The chief protagonist is Tom Nero and the series charts his life from abusing animals to being a thief before murdering his pregnant lover, Ann Gill, the scene depicted in Cruelty in Perfection. Measuring 38.7cm by 32.4cm the plate is an etching of the gruesome scene as Tom Nero is apprehended.
Cruelty in Perfection shows a grotesque representation of Tom Nero as he is arrested. The body of the murdered Ann Gill lies at his feet, her throat slit, with items scattered around her which she had stolen from her mistress at Nero's bidding. The etching portrays the brutality of the murder, capturing it all within a foreboding scene. Set within a cemetery at night with a bat flying above, the etching conjures up imagery to magnify the macabre situation and heighten the innate fears of the viewer. Ann Gill has left a letter for her murderer, while she is also pointing to the words on a nearby book stating "God's Revenge against Murder".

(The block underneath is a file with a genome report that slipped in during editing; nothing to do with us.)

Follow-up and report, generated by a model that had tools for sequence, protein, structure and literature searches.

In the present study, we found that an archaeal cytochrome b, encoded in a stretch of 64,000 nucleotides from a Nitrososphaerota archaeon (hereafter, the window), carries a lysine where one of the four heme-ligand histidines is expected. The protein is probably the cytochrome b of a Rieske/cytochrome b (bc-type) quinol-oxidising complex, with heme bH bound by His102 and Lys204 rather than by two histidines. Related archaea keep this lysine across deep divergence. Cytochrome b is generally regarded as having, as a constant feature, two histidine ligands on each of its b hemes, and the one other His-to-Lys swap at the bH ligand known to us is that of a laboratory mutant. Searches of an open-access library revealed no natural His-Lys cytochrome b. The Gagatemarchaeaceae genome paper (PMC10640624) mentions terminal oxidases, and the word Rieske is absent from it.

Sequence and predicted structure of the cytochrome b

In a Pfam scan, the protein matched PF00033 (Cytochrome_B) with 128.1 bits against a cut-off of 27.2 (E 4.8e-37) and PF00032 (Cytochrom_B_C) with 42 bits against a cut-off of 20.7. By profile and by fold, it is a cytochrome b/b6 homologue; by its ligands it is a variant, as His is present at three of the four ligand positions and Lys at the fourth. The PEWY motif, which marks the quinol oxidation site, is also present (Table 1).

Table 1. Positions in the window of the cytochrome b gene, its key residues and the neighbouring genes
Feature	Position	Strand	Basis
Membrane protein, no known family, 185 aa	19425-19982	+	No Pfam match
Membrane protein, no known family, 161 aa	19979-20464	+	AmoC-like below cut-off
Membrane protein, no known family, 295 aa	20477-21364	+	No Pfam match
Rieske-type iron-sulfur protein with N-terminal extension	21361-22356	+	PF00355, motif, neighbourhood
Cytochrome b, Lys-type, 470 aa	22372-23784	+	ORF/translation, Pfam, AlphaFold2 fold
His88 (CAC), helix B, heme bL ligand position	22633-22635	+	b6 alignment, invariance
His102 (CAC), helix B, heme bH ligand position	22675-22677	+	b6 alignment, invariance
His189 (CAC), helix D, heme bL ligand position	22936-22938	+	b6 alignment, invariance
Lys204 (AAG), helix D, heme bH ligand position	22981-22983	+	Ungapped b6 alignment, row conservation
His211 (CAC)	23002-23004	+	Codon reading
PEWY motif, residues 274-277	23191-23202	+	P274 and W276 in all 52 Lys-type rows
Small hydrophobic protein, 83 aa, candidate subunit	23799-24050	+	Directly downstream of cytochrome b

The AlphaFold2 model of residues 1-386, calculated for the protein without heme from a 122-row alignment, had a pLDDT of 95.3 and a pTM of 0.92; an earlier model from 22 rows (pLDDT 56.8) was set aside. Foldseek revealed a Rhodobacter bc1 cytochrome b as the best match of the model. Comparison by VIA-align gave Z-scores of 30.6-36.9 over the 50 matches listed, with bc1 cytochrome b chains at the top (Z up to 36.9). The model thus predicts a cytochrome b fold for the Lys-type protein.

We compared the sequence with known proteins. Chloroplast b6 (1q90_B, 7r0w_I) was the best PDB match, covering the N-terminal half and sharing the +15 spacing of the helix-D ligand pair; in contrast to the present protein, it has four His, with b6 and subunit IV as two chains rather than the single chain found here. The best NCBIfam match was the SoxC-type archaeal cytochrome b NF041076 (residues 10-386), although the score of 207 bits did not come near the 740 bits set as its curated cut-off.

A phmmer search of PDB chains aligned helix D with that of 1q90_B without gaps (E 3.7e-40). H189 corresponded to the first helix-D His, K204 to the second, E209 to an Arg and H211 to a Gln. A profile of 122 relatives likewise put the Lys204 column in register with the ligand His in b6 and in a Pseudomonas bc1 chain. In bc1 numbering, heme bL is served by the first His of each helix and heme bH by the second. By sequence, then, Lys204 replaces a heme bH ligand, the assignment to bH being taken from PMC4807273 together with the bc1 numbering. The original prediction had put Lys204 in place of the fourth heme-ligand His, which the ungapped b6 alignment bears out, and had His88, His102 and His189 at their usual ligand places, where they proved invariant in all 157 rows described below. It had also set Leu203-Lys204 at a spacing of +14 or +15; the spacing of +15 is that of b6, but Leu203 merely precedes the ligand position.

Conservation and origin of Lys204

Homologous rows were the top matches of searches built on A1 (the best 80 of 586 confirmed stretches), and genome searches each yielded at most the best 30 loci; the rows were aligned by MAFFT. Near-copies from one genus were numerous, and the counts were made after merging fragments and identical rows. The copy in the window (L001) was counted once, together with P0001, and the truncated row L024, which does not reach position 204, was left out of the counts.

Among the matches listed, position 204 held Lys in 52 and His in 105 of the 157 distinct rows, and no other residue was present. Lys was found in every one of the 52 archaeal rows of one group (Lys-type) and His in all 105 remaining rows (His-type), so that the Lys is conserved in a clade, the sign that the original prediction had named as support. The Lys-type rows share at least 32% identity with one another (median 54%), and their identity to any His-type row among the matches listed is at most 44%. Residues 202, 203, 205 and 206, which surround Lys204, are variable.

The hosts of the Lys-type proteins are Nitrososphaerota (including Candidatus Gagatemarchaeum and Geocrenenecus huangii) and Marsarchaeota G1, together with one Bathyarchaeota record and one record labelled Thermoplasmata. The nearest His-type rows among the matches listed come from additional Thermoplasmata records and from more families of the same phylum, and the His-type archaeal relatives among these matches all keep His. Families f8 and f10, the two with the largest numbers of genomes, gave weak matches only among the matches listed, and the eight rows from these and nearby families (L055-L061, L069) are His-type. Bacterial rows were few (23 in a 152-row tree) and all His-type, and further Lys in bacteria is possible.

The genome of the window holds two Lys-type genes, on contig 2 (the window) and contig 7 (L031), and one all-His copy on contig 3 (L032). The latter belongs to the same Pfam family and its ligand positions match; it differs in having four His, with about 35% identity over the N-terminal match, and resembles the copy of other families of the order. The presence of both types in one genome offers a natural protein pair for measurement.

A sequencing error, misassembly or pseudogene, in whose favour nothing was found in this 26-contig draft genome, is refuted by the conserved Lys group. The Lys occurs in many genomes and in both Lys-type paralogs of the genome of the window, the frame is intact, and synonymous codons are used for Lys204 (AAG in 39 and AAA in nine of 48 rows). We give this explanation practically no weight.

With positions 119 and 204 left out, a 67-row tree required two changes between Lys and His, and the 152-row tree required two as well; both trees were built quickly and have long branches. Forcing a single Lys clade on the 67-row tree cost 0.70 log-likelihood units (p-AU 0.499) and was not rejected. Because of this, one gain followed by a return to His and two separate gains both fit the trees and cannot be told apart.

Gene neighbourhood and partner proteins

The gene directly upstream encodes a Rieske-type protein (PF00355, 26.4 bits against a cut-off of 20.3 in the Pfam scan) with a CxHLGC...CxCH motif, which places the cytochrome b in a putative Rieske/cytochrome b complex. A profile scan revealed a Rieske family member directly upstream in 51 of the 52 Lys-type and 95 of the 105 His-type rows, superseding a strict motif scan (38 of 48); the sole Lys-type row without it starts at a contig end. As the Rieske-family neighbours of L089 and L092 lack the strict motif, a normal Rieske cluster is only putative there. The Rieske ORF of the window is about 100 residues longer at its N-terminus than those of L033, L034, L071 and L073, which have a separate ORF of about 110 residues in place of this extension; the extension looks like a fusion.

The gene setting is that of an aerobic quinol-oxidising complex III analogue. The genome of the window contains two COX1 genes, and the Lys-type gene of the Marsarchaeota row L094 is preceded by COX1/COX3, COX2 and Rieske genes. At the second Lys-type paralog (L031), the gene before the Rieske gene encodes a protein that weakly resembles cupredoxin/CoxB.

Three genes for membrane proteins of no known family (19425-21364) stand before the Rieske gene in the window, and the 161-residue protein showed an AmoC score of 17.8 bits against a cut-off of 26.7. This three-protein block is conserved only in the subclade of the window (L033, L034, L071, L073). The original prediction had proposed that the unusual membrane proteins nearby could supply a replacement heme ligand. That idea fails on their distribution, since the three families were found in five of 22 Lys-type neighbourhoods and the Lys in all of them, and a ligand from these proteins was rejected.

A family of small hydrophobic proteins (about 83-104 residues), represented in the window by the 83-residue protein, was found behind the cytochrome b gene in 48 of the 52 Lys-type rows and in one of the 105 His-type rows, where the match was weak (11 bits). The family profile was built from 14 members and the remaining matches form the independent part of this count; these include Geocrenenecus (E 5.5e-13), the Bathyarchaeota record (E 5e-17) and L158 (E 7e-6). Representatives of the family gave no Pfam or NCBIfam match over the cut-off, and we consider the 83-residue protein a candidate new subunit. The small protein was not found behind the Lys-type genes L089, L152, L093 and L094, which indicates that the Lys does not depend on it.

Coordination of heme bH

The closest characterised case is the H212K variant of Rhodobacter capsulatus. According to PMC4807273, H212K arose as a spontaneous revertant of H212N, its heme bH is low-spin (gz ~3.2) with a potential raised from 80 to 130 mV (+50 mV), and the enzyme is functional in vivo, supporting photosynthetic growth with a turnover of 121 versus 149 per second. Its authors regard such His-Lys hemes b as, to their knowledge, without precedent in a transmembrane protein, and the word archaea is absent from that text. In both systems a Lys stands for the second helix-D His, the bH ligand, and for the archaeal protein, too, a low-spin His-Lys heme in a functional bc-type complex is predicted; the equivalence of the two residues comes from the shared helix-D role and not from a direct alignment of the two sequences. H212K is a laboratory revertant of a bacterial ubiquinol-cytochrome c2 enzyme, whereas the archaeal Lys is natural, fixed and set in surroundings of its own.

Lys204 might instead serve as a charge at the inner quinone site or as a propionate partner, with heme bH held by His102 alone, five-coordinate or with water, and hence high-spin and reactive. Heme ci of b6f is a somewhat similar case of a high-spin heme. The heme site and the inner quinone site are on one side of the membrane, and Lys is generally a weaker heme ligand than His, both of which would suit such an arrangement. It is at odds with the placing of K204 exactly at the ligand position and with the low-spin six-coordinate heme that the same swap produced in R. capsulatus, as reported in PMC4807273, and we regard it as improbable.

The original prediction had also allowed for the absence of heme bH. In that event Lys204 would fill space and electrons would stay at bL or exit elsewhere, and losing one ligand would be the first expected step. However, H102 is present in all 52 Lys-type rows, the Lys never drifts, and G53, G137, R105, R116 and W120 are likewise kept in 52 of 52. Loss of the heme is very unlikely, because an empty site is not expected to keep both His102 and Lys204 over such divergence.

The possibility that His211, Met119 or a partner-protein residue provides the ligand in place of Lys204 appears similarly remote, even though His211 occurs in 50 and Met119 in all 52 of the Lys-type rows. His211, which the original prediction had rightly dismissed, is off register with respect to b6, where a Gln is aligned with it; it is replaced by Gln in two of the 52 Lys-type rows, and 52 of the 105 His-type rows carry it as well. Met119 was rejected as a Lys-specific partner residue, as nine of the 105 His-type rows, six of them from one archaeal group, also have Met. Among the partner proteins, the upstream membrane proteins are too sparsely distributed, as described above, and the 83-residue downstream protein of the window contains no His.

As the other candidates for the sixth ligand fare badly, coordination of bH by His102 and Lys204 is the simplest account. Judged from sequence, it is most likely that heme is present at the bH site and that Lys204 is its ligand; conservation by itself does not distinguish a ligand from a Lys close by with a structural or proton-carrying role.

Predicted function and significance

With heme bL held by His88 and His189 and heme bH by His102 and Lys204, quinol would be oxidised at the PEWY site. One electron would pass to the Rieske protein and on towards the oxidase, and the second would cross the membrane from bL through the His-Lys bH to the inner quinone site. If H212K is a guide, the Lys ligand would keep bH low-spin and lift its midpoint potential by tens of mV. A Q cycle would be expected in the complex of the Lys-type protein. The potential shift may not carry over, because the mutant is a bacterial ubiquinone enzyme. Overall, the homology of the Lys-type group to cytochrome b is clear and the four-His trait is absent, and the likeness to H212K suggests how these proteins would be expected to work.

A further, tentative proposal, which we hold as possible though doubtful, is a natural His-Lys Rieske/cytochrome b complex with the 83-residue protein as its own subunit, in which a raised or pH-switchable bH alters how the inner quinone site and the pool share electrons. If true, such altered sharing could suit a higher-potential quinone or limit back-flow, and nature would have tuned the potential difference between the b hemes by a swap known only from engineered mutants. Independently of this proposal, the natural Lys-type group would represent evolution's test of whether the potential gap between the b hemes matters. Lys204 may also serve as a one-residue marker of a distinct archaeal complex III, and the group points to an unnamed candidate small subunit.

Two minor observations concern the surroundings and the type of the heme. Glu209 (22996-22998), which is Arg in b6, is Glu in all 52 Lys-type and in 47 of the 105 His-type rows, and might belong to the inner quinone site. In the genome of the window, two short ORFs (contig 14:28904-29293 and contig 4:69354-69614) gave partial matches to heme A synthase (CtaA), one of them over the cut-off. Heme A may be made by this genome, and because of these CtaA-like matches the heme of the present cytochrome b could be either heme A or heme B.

Hogarth's prints were to spread across Europe, influencing how books in France and Germany in particular were illustrated. He would also influence many subsequent caricaturists right through to the 20th century. He had a huge influence on John Collier, an English caricaturist and poet, who styled himself as the Lancashire Hogarth. Collier's etchings lampooned all classes of people and he also went by the pseudonym Timothy Bobbin. William Hogarth's moral art was to have an influence on the pre-Raphaelite brotherhood too, consisting of painters and poets including William Holman Hunt and John Everett Millais.
Prints of Cruelty in Perfection as part of a series of four were aimed towards the lower classes in the London streets which Hogarth knew well. They were meant as warnings against amoral behaviour and did not rely on subtlety. He wanted his target audience to understand his meaning. Exhibitions at galleries like the Tate have given people today the chance to observe these etchings and view the 18th century moralistic satire these prints represent.